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2 definitions found
 for frog spit
From The Collaborative International Dictionary of English v.0.48 :

  Frog \Frog\ (fr[o^]g), n. [AS. froggu, frocga a frog (in
     sensel); akin to D. vorsch, OHG. frosk, G. frosch, Icel.
     froskr, fraukr, Sw. & Dan. fr["o].]
     1. (Zool.) An amphibious animal of the genus Rana and
        related genera, of many species. Frogs swim rapidly, and
        take long leaps on land. Many of the species utter loud
        notes in the springtime.
        [1913 Webster]
  
     Note: The edible frog of Europe ({Rana esculenta) is
           extensively used as food; the American bullfrog ({R.
           Catesbiana) is remarkable for its great size and loud
           voice.
           [1913 Webster]
  
     2. [Perh. akin to E. fork, cf. frush frog of a horse.]
        (Anat.) The triangular prominence of the hoof, in the
        middle of the sole of the foot of the horse, and other
        animals; the fourchette.
        [1913 Webster]
  
     3. (Railroads) A supporting plate having raised ribs that
        form continuations of the rails, to guide the wheels where
        one track branches from another or crosses it.
        [1913 Webster]
  
     4. [Cf. fraco of wool or silk, L. floccus, E. frock.] An
        oblong cloak button, covered with netted thread, and
        fastening into a loop instead of a button hole.
        [1913 Webster]
  
     5. The loop of the scabbard of a bayonet or sword.
        [1913 Webster]
  
     Cross frog (Railroads), a frog adapted for tracks that
        cross at right angles.
  
     Frog cheese, a popular name for a large puffball.
  
     Frog eater, one who eats frogs; -- a term of contempt
        applied to a Frenchman by the vulgar class of English.
  
     Frog fly. (Zool.) See Frog hopper.
  
     Frog hopper (Zool.), a small, leaping, hemipterous insect
        living on plants. The larv[ae] are inclosed in a frothy
        liquid called cuckoo spit or frog spit.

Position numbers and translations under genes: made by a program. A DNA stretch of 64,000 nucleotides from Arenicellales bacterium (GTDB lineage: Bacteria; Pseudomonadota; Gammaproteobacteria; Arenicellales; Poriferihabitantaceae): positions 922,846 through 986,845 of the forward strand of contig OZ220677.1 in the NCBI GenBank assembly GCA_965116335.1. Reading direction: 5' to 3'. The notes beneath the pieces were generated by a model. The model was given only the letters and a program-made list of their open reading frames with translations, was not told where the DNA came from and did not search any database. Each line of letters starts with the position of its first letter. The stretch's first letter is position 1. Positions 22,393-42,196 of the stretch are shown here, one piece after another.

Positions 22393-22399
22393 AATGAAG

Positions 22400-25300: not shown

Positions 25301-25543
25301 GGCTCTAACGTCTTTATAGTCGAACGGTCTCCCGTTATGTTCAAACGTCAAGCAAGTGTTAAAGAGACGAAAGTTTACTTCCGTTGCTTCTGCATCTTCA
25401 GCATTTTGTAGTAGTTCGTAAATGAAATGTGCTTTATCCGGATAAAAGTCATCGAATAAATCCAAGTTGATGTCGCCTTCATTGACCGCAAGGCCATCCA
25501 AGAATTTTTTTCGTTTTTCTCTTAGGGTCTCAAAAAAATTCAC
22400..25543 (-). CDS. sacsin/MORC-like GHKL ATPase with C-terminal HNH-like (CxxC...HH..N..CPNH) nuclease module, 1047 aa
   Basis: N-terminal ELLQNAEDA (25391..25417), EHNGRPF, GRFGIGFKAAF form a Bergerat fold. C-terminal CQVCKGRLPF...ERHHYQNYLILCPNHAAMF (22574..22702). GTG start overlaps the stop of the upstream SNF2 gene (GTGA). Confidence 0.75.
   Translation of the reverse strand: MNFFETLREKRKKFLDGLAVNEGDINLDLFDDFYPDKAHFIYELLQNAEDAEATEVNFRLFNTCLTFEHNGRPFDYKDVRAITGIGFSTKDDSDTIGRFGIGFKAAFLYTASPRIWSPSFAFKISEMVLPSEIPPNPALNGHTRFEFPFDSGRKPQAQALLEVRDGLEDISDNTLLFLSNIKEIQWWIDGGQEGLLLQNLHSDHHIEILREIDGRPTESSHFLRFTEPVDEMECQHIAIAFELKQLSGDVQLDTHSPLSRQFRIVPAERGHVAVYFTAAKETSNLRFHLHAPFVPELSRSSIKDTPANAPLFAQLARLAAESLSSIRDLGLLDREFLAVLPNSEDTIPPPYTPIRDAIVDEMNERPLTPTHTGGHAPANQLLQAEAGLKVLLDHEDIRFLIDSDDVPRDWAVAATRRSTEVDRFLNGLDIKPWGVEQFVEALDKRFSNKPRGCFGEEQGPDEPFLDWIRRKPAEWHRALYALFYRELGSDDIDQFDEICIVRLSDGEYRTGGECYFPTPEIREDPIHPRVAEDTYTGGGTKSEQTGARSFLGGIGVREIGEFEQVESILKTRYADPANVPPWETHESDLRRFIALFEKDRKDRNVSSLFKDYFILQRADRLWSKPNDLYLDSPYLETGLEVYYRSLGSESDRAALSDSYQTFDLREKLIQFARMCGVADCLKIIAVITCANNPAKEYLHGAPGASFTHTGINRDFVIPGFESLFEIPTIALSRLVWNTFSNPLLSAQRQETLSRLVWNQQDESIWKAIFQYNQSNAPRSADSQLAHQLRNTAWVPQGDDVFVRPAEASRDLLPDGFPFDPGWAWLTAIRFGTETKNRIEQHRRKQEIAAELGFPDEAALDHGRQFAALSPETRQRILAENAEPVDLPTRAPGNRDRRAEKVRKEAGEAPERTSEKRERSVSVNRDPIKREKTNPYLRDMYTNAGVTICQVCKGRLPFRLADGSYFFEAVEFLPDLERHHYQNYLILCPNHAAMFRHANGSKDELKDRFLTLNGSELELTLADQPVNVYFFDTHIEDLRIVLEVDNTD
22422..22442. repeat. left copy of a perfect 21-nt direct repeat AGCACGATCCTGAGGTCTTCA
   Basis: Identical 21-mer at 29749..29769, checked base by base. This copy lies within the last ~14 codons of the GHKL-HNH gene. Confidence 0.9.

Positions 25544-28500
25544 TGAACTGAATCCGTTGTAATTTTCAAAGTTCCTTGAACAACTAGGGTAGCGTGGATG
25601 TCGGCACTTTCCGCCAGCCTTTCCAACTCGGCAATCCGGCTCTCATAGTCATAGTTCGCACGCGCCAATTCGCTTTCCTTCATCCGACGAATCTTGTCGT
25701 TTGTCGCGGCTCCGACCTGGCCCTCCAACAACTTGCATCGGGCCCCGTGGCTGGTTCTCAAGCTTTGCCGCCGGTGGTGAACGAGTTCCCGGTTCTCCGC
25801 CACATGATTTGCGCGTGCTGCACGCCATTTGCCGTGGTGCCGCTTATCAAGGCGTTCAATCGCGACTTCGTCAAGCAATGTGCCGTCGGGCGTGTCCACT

Frog+lily+(Bot.),+the+yellow+water+lily+({Nuphar">Frog lily (Bot.), the yellow water lily ({Nuphar).
  
     Frog spit (Zool.), the frothy exudation of the frog
        hopper; -- called also frog spittle. See Cuckoo spit,
        under Cuckoo.
        [1913 Webster]

From The Collaborative International Dictionary of English v.0.48 :

  Cuckoo \Cuck"oo\ (k[oo^]k"[=oo]), n. [OE. coccou, cukkow, F.
     coucou, prob. of imitative origin; cf. L. cuculus, Gr. ????,
     Skr. k?ki?a, G. kuckuk, D. koekoek.] (Zool.)
     A bird belonging to Cuculus, Coccyzus, and several allied
     genera, of many species.
     [1913 Webster]
  
     Note: The European cuckoo ({Cuculus canorus) builds no nest
           of its own, but lays its eggs in the nests of other
           birds, to be hatched by them. The American
           yellow-billed cuckoo ({Coccyzus Americanus) and the
           black-billed cuckoo ({Coccyzus erythrophthalmus) build
           their own nests.
           [1913 Webster]
  
     Cuckoo clock, a clock so constructed that at the time for
        striking it gives forth sounds resembling the cry of the
        cuckoo.
  
     Cuckoo dove (Zool.), a long-tailed pigeon of the genus
        Macropygia. Many species inhabit the East Indies.
  
     Cuckoo fish (Zool.), the European red gurnard ({Trigla
        cuculus). The name probably alludes to the sound that it
        utters.
  
     Cuckoo falcon (Zool.), any falcon of the genus Baza. The
        genus inhabits Africa and the East Indies.
  
     Cuckoo maid (Zool.), the wryneck; -- called also cuckoo
        mate.
  
     Cuckoo+ray+(Zool.),+a+British+ray+({Raia+miraletus">Cuckoo ray (Zool.), a British ray ({Raia miraletus).
  
     Cuckoo spit, or Cuckoo spittle.
     (a) A frothy secretion found upon plants, exuded by the
         larvae of certain insects, for concealment; -- called
         also toad spittle and frog spit.
     (b) (Zool.) A small hemipterous insect, the larva of which,
         living on grass and the leaves of plants, exudes this
         secretion. The insects belong to Aphrophora,
         Helochara, and allied genera.
  
     Ground cuckoo, the chaparral cock.
        [1913 Webster]

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